any additions?

Thursday, May 6, 2010

WEIRD DREAMS

I've had some weird dreams in the past. Some so funny I woke up laughing. Others so terrifying that I had to watch 2 hours of HGTV after just to get the axe murderer out of my mind. I've dreamt in plot. I've dreamt in episodes. I've dreamt in color and black and white. And then there's the bizarre ones. These have no sense and no plot and must be true representations of my inner-psyche.


Here's a few tidbits of my dreams.


Once I dreamed that my friend Ashleigh --who is on a successful quest to lose weight --got accepted to America's Next Top Model and won!


I dreamt about a sociopath who kidnapped pregnant women and then taxedermied their babies right after birth. (This was an HGTV one.)


I dreamt I was a peasant in a fast-walking race with a king.


I dreamt that my brother fought off ninja cats in a warehouse.


I dreamt I flirted my way into a conference where Neil Gaiman was the keynote speaker. Had to give my number to a kid half my age with a flashlight and a name tag, but it was worth it to bask in Neil's syrupy British voice. (Also, during Neil's speech, he fainted into the first row of people. weird. He recovered nicely, however, and continued to tell us about his fascination with gargoyles.)


What does this say about me?


Got a couch?


and a Freud?

Wednesday, April 28, 2010

Riveting Reads: Abraham Lincoln: Vampire Hunter

Yup. You read that right. It says Abraham Lincoln: Vampire Hunter. Now, I’m not an expert on American history or anything, but I do know that Abe Lincoln is known for far greater things than offing a few vamps. Ending slavery, for example. Holding the office of President, for another. What I did not know about “Honest Abe” was his personal history with fang-toothed night-dwellers. This chilling and widely debated wedge of the former president’s life (Wink. Wink.) was discovered by none other than Seth Grahame-Smith, the author of Pride and Prejudice and Zombies.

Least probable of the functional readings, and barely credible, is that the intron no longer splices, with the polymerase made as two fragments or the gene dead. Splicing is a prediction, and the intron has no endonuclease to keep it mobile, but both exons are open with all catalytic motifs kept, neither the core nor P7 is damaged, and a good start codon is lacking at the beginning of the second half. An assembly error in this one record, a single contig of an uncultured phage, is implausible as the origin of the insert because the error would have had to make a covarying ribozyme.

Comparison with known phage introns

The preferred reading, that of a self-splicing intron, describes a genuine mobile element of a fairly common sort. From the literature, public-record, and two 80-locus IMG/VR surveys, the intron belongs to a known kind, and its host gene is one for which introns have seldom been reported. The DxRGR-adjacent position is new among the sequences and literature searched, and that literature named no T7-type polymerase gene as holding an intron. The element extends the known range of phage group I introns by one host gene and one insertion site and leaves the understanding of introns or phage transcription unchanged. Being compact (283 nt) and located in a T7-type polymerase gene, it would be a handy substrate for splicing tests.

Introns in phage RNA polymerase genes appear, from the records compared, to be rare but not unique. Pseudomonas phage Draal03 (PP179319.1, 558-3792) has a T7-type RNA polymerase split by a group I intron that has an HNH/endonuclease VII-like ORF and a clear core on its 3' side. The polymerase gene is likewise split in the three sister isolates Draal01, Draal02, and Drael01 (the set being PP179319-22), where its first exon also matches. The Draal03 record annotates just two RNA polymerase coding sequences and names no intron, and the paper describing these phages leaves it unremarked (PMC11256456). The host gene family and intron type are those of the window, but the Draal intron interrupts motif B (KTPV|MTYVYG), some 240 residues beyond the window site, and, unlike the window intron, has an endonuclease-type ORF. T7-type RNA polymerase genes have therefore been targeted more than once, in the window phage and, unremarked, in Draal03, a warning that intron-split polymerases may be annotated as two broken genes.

The tale begins with a frame story, one in which Grahame-Smith discovers several lost journals of Abe’s, documenting his secret quest to rid America of vampires. Then, as Grahame-Smith reads through the journals, he pieces together this dangerous and secret part of Lincoln’s past.

As a child, Lincoln is tall and lanky, though not too muscular. Indeed he doesn’t have much need for weight training until he discovers that a vampire is responsible for his dear mother’s death. Lincoln vows to avenge his mother’s death by destroying the enemy at every turn. To train for the inevitable battles to come, Lincoln takes to chopping wood until his muscles bulge like a steroids ad, and he learns to throw his axe until he can splinter a tree from twenty yards away. In addition to his physical regimen, Lincoln pours over any piece of literature he can find on vampires; journals, folklore, and myths, etc. Soon, Lincoln is ready to face a real vamp.